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Winchester, VA
19-20 September 1864

No. 38. Report of Colonel James M. Warner, First Vermont Heavy Artillery, commanding Second Brigade, of operations September 19-20.

September 21, 1864.

MAJOR: I have the honor to submit the following report of the military operations of this brigade on the 19th and 20th instant, inclusive:

The brigade broke camp about 2 a.m. of the 19th, crossing the Opequon, on the Berryville and Winchester pike, about 6 a.m., and went into position under heavy shelling, the left connecting with Wheaton's brigade and the right with the Third Division. The brigade was formed in one line in rear of a dense thicket, the right extending to the Berryville and Winchester road. I immediately ordered the Sixth Regiment, Captain M. M. Davis commanding, to be deployed to the front, and it soon engaged the enemy's skirmishers. While awaiting the arrival of other troops a few casualties occurred from random shells. About 12 m. a general advance was ordered, the brigade to conform to the movements of the regiment on the right of the pike. The troops moved out in splendid style; halted an instant after emerging from the woods in order to rectify the alignment before charging over the crest beyond. In front was a long stretch of cleared, undulating country, the enemy holding position to command the gorges through which we must advance. The line advanced at a double-quick over the crest, in face of a galling musketry fire, driving the enemy back in great confusion. In their eagerness to follow up the first success the line was somewhat broken, a portion filing into a ravine which was completely enfiladed by the enemy's fire. Here the loss was for a few moments very heavy, principally in the Fifth and Eleventh Regiments. About 1 p.m., in consequence of the giving way of the troops on the right, the brigade, which had become considerably scattered by the fire from the battery and rifle-pits in front, was compelled to fall back to a position about half a mile in advance of the one from which the line originally started. Meantime the Sixth Regiment advanced to the front line, where they remained throughout the day doing excellent service. About 3 p.m. the entire line again advanced, the First Brigade being the directing one. This movement was brilliant in the extreme. The brigade did not waver for an instant, but advanced steadily until they reached a large brick house, about a mile from the town. Here we encountered the hottest fire of the day, being exposed to a withering musketry fire in front and to the fire from a battery which nearly enfiladed the line. A little beyond this point the success of the right was announced and received with cheers. The brigade advanced to the town without opposition, and encamped about dusk on Abraham's Creek. On the following day the army marched to Strasburg and encamped about a mile north of the town.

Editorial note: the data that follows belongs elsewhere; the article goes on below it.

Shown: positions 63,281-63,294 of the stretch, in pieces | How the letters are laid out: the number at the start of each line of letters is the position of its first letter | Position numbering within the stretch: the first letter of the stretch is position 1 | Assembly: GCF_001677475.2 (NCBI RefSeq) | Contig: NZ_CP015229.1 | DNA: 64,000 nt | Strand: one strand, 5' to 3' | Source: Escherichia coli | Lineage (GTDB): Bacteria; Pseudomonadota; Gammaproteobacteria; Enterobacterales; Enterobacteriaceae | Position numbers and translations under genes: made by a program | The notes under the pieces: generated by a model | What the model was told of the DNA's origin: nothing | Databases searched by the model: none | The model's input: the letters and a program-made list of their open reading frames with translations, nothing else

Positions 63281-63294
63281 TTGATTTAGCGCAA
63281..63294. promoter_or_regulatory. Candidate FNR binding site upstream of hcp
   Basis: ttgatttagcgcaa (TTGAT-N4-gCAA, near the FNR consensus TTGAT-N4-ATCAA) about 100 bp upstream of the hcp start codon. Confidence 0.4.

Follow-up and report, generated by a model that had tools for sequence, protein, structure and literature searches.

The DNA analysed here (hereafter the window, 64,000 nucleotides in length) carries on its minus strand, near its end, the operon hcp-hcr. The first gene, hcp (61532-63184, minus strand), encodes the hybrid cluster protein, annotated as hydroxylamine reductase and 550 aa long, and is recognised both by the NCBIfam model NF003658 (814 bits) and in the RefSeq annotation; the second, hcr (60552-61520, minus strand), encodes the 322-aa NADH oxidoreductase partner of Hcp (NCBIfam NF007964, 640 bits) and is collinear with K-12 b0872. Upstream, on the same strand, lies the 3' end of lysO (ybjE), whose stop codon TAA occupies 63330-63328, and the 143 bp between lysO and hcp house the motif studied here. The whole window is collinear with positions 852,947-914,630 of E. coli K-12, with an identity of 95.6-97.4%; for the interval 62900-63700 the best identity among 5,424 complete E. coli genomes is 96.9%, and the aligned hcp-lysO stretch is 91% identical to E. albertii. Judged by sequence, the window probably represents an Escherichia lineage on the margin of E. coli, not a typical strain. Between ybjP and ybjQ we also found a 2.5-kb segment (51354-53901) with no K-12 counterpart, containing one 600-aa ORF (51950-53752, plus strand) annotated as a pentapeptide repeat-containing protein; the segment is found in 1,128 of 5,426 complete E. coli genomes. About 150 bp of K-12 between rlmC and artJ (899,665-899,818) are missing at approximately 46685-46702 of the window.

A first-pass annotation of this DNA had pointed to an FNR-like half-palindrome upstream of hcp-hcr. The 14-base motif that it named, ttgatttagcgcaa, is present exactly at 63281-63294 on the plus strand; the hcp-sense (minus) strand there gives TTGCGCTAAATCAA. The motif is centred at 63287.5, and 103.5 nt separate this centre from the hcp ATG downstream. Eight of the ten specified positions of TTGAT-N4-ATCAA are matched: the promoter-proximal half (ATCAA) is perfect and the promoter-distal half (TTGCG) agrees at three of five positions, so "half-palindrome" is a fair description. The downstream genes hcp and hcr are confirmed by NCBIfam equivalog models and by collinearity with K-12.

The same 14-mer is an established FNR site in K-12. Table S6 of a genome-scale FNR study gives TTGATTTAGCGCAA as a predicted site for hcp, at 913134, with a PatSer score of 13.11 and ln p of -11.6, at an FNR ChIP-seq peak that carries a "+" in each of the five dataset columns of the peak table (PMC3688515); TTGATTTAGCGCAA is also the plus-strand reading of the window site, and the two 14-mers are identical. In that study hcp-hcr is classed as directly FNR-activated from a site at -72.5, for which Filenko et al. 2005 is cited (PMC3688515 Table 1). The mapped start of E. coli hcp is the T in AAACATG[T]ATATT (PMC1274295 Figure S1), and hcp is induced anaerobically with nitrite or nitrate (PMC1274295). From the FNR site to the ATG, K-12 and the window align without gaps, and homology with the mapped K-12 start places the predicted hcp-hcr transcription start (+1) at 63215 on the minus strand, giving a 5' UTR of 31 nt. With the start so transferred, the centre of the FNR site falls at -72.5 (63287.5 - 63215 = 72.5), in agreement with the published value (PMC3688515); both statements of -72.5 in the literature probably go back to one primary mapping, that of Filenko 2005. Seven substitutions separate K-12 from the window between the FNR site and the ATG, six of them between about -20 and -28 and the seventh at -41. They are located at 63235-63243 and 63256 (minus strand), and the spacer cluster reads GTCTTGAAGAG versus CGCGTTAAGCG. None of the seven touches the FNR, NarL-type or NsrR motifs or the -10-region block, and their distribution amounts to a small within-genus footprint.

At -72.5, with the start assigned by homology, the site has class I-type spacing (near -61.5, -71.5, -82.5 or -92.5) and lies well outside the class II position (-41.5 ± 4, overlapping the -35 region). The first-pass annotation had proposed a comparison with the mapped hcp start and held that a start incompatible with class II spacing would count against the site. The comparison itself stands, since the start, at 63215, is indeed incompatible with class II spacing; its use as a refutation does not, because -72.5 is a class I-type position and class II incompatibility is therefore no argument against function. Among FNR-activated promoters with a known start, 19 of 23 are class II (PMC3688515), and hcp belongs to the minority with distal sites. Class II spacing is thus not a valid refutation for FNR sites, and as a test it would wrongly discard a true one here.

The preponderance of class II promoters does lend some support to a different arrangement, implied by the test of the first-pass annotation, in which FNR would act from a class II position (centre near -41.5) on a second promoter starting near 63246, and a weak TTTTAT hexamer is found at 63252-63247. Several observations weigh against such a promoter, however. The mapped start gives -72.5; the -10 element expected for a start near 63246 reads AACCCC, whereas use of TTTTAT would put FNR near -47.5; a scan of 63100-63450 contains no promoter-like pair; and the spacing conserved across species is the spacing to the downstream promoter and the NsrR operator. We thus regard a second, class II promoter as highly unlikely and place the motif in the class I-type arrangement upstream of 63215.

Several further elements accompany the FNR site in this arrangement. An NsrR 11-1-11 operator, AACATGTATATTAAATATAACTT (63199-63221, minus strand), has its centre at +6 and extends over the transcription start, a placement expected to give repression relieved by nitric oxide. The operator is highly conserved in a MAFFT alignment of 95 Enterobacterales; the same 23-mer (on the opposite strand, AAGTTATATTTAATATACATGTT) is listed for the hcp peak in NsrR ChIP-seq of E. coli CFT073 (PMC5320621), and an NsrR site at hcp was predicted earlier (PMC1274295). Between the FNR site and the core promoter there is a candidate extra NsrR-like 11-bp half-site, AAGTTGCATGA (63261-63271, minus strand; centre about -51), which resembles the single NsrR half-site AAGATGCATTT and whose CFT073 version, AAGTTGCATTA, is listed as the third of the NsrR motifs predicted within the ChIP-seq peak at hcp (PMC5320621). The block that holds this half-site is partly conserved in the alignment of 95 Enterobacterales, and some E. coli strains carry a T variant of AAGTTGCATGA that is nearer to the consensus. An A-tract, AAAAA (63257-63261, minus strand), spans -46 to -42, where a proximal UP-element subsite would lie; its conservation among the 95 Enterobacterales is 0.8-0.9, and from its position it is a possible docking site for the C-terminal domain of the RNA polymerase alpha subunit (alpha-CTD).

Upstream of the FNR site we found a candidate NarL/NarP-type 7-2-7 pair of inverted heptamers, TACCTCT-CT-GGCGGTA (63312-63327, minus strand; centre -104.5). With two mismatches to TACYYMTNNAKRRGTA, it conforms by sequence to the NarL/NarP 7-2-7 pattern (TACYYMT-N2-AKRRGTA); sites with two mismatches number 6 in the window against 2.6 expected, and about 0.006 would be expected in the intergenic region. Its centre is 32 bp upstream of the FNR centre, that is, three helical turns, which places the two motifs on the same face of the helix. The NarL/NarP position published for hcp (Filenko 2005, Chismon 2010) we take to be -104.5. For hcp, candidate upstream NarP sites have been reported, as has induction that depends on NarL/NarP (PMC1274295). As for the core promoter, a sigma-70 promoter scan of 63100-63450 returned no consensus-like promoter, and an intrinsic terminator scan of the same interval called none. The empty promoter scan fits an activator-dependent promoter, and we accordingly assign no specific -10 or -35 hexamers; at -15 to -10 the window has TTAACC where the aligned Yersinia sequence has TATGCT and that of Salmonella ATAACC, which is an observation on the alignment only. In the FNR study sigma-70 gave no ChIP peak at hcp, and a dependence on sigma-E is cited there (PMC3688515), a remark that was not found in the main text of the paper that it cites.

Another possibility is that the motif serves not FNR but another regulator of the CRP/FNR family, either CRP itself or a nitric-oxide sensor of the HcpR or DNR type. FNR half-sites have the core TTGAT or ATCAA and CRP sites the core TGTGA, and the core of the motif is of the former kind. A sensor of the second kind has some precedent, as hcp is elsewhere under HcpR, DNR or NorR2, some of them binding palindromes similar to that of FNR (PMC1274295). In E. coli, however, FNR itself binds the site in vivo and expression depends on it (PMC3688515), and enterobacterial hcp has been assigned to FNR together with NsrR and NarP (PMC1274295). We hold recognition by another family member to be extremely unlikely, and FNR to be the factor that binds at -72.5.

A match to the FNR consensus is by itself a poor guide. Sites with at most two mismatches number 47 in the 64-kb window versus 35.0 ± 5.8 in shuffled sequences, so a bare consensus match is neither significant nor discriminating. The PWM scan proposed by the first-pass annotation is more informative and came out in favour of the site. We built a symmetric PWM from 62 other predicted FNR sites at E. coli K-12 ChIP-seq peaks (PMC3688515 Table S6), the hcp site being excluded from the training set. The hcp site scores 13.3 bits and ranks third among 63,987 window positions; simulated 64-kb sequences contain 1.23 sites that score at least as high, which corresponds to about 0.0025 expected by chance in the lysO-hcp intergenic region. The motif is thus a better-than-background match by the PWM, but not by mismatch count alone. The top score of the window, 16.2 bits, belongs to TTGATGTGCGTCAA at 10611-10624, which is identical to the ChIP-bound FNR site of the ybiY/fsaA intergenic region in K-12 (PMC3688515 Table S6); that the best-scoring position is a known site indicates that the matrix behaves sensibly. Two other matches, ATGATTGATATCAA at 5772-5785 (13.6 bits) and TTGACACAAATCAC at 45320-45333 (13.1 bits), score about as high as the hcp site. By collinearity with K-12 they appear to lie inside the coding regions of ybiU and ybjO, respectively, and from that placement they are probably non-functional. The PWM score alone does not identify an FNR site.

Were I to mention all the officers who distinguished themselves on this occasion I should accompany this report with a roster of the commissioned officers of the brigade. I cannot omit to mention, however, the commanding officers of regiments, Major E. E. Johnson, Second Vermont; Major A. F. Walker, Eleventh Vermont; Major H. W. Floyd, commanding Third and Fourth; Captain A. Brown, jr., Fifth, and Captain M. W. Davis, Sixth Regiment, all of whom did their duty nobly. Lieutenant-Colonel Tracy, Second Vermont, who superintended a portion of the line, is entitled to great credit for being on the field on this occasion, as he was suffering from a severe disability. I have already called the attention of the general commanding to the distinguished gallantry of Captain A. H. Newt and Lieutenant H. C. Baxter, who were serving upon my staff.

Very respectfully, your obedient servant,


Colonel Eleventh Vermont Volunteers, Commanding.


Assistant Adjutant-General, Second Division, Sixth Corps.

Source: Official Records, Volume XLIII, Chapter LV. The Shenandoah Valley Campaign, pp. 207-211.